Due to the county’s proximity to downtown Washington, D.C., Arlington is headquarters to many departments and agencies of the federal government of the United States, including the Department of Defense (DoD) at the Pentagon, Drug Enforcement Administration, Transportation Security Administration (TSA), and Defense Advanced Research Projects Agency (DARPA). It is also home to Ronald Reagan Washington National Airport. The many federal agencies, government contractors, and service industries contribute to Arlington’s stable economy. Arlington is also the location of national memorials and museums, including Arlington National Cemetery, the Pentagon Memorial, the Marine Corps War Memorial, and the United States Air Force Memorial.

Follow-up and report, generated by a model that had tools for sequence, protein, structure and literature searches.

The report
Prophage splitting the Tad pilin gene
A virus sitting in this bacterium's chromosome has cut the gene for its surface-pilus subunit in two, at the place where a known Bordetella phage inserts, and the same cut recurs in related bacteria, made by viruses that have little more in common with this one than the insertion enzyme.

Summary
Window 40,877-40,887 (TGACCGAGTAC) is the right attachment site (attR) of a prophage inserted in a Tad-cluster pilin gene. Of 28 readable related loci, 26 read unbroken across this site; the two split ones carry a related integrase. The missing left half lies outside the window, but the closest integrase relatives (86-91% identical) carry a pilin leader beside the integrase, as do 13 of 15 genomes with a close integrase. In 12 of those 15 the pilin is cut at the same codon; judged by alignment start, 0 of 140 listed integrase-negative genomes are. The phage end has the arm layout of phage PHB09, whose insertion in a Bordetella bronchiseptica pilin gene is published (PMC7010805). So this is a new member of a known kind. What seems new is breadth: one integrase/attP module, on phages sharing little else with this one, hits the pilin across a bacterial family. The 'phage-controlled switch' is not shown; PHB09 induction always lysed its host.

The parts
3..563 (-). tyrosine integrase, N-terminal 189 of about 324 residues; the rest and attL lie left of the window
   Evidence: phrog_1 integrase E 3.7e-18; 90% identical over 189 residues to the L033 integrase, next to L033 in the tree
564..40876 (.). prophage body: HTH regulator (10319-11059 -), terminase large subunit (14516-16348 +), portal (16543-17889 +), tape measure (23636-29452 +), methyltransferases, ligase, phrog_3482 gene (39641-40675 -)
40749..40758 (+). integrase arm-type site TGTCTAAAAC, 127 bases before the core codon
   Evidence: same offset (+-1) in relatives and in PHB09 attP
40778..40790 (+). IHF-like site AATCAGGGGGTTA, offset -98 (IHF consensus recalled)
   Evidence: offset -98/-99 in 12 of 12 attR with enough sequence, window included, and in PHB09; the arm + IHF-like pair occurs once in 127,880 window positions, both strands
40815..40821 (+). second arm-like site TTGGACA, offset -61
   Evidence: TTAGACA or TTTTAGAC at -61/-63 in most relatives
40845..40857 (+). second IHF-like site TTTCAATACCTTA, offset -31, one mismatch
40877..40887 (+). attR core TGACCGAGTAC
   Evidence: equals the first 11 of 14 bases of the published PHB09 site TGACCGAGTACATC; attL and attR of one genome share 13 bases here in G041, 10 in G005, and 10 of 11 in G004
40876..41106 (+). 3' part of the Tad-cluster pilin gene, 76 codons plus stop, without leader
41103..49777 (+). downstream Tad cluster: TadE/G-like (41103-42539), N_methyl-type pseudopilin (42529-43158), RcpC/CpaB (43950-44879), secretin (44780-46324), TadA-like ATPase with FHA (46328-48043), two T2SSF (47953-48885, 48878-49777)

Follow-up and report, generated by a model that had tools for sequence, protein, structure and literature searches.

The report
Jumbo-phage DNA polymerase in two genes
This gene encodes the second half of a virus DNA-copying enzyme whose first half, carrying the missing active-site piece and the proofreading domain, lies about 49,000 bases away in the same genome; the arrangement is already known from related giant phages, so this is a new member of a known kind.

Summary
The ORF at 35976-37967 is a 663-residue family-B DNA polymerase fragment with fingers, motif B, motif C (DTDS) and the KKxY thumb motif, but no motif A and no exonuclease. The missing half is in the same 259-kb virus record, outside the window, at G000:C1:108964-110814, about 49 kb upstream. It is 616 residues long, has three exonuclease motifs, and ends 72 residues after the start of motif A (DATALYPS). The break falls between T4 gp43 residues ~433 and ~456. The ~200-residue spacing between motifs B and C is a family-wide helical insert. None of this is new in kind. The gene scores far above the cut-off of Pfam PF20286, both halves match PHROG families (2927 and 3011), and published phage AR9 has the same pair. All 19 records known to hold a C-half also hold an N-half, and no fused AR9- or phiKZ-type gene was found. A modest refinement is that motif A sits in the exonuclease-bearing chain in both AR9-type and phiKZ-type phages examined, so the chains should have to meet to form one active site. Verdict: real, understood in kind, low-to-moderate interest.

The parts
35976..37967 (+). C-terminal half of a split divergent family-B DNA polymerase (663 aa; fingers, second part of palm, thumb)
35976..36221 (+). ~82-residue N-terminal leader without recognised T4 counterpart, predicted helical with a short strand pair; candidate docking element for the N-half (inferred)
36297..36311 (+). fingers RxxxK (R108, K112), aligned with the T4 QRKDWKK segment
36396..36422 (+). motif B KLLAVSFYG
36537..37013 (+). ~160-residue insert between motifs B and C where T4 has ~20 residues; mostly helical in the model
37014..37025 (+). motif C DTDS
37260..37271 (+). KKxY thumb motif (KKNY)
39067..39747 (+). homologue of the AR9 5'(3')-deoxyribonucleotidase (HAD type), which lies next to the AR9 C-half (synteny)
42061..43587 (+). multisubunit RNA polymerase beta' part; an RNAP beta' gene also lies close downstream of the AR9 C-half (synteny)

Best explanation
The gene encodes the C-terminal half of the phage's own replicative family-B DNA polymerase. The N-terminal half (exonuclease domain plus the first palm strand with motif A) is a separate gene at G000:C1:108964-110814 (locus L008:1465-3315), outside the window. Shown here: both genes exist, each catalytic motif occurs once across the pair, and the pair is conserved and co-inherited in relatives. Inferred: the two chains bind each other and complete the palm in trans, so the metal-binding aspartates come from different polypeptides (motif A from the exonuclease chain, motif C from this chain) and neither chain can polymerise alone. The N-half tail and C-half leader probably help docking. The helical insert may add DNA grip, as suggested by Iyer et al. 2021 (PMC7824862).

It is the highest-income county in the United States by median family income, though it has the highest concentration of singles in the region. According to a 2016 study by Bankrate.com, Arlington is the best place to retire, with nearby Alexandria coming in at second place. Criteria of the study included cost of living, rates of violent and property crimes, walkability, health care quality, state and local tax rates, weather, local culture and well-being for senior citizens. The area that now constitutes Arlington County was originally part of Fairfax County in the Colony of Virginia. Land grants from the British monarch were awarded to prominent Englishmen in exchange for political favors and efforts at development. One of the grantees was Thomas Fairfax, 6th Lord Fairfax of Cameron, who lends his name to both Fairfax County and the City of Fairfax. The name Arlington goes back to Henry Bennet, Earl of Arlington, the namesake of a plantation, Arlington Plantation, along the Potomac River, and Arlington House, the family residence on that property. George Washington Parke Custis, grandson of First Lady Martha Washington, acquired this land in 1802. The estate was eventually passed down to Mary Anna Custis Lee, wife of General Robert E. Lee. The property later became Arlington National Cemetery during the American Civil War, and eventually lent its name to present-day Arlington County.